cannot induce desensitization in P2X1 receptors and the receptors need to open first before
undergoing desensitization, we propose based on our results that a competitive antagonist can
also induce desensitization in P2X1 receptors by bypassing the open state.
iv Abstract
We have attempted to answer few intriguing questions in the field of P2X receptor research
and we think that our answers provide many avenues to the basic understanding of
functioning of P2X receptors.







v Introduction
1. Introduction
1.1 Study of neurotransmitter gated ion channels
1.1.1 Ligand gated ion channels and their functions
Fast synaptic neurotransmission, both excitatory and inhibitory, is mediated by extracellularly
activated ligand gated ion channels. These channels are oligomeric transmembrane proteins
made of several subunits. Depending on the occupancy state of the receptor, these ion
channels exist in at least two conformations i.e. open and closed. The equilibrium between
various conformations is affected by the binding of ligands on these channels. Upon selective
binding of an agonist in the extracellularly located ligand binding site, a series of
conformational changes would open the central ion-selective pore, this process is called
gating. In general, excitation from resting membrane potentials is associated with the opening
of cation-influx channels (depolarization), while inhibition of neuronal firing is generally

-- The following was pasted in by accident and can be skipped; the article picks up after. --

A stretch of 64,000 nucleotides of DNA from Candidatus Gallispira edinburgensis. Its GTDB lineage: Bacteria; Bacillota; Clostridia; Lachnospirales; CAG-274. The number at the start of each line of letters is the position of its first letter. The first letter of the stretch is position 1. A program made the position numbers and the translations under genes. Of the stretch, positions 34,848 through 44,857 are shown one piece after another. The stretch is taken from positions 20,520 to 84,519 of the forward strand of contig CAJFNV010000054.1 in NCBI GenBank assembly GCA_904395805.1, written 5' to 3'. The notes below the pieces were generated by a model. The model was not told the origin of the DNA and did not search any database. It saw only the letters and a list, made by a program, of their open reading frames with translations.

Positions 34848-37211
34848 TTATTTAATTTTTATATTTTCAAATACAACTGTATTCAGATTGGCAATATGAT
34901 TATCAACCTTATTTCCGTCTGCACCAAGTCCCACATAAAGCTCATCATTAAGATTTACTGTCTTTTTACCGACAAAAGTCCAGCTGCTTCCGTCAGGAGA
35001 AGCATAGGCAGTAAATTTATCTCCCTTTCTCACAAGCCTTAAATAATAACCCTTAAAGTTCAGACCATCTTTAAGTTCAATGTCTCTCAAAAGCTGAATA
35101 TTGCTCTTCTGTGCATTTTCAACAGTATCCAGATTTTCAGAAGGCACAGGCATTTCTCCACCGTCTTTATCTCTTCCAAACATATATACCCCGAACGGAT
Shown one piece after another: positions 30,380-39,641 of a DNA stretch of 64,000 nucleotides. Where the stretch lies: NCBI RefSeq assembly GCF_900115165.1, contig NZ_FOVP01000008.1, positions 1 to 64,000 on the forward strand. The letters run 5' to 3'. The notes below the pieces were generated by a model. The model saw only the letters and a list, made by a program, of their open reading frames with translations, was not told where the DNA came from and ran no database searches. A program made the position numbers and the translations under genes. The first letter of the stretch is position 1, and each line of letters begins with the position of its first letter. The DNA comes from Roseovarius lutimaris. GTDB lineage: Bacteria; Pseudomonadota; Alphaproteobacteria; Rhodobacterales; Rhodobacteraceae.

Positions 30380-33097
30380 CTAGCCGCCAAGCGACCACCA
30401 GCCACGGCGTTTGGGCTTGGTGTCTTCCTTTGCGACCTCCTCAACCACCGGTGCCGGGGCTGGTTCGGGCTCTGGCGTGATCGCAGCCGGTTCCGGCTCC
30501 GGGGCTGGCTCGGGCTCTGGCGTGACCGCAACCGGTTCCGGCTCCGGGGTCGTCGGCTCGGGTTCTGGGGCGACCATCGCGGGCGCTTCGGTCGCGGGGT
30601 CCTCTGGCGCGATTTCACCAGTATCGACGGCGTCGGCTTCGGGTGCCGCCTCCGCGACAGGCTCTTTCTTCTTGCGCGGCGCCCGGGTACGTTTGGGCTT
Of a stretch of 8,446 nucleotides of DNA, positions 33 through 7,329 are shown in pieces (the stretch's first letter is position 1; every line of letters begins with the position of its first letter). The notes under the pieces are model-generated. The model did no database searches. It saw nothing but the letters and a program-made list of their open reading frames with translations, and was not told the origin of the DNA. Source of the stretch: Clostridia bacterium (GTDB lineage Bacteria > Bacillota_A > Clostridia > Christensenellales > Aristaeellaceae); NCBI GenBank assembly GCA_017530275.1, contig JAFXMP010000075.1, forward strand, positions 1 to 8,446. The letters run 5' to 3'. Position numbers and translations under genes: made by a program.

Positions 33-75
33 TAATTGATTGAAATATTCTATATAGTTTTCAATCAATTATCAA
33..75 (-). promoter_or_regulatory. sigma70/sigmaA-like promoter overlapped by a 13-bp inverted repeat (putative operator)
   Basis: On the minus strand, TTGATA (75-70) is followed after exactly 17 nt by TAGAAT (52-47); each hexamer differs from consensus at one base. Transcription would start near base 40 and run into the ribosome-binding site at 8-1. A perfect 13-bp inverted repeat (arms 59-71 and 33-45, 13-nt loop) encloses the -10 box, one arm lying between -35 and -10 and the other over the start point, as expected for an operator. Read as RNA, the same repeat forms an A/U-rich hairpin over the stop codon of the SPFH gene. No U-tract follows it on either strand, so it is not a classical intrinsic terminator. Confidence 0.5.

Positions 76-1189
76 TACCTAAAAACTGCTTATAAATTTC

associated with increased chloride ion permeability (hyperpolarization) [1]. A number of
different receptors are responsible for these actions. Fast synaptic transmission includes
channels directly gated by the neurotransmitter including L-glutamate, acetylcholine, glycine,
ATP, serotonin (5HT), GABA. Based on our current understanding about these receptors,
there are three different superfamilies of extracellularly activated ligand gated ion channels
[2]:
1. Cys-loop superfamily: The receptors of this superfamily are made of five homologous
subunits, each with four transmembrane segments e.g. nicotinic receptors, 5HT3
receptors, serotonin activated anionic channels.
2. Ionotropic glutamate activated cationic channels superfamily (iGluR): The receptors
of this superfamily are made of four homologus subunits, each with three
transmembrane segments e.g. NMDA receptors, AMPA receptors, Kainate receptors
etc.
3. Ionotropic ATP gated channels superfamily: The receptors of this superfamily are
made of three homologous subunits, each with two transmembrane segments e.g. P2X
receptors.

1Introduction
Fig. 1.1 shows the schematic representation of families of neurotransmitter gated ion
channels.














Fig. 1.1 Families of neurotransmitter gated ion channels: Cys-loop receptors have pentameric subunit
arrangements, with each subunit having four transmembrane domains. Ionotropic glutamate gated ion channels
have tetrameric subunit arrangements, with each subunit have three transmembrane domains. Ionotropic ATP
gated ion channels have trimeric subunit arrangements, with each subunit have two transmembrane domains.
The members of each superfamily have extracellular ligand binding site.

1.1.2 Consequence of the ligand-receptor interactions
Ligand gated ion channels offer a unique opportunity to study the effect of drugs/ligands as
the ligand binding site and the machinery to generate a response are contained in a single
macromolecule. According to the classical receptor theory [3], it is assumed that the effect of
a drug is proportional to the fraction of receptors occupied by the drug and that maximal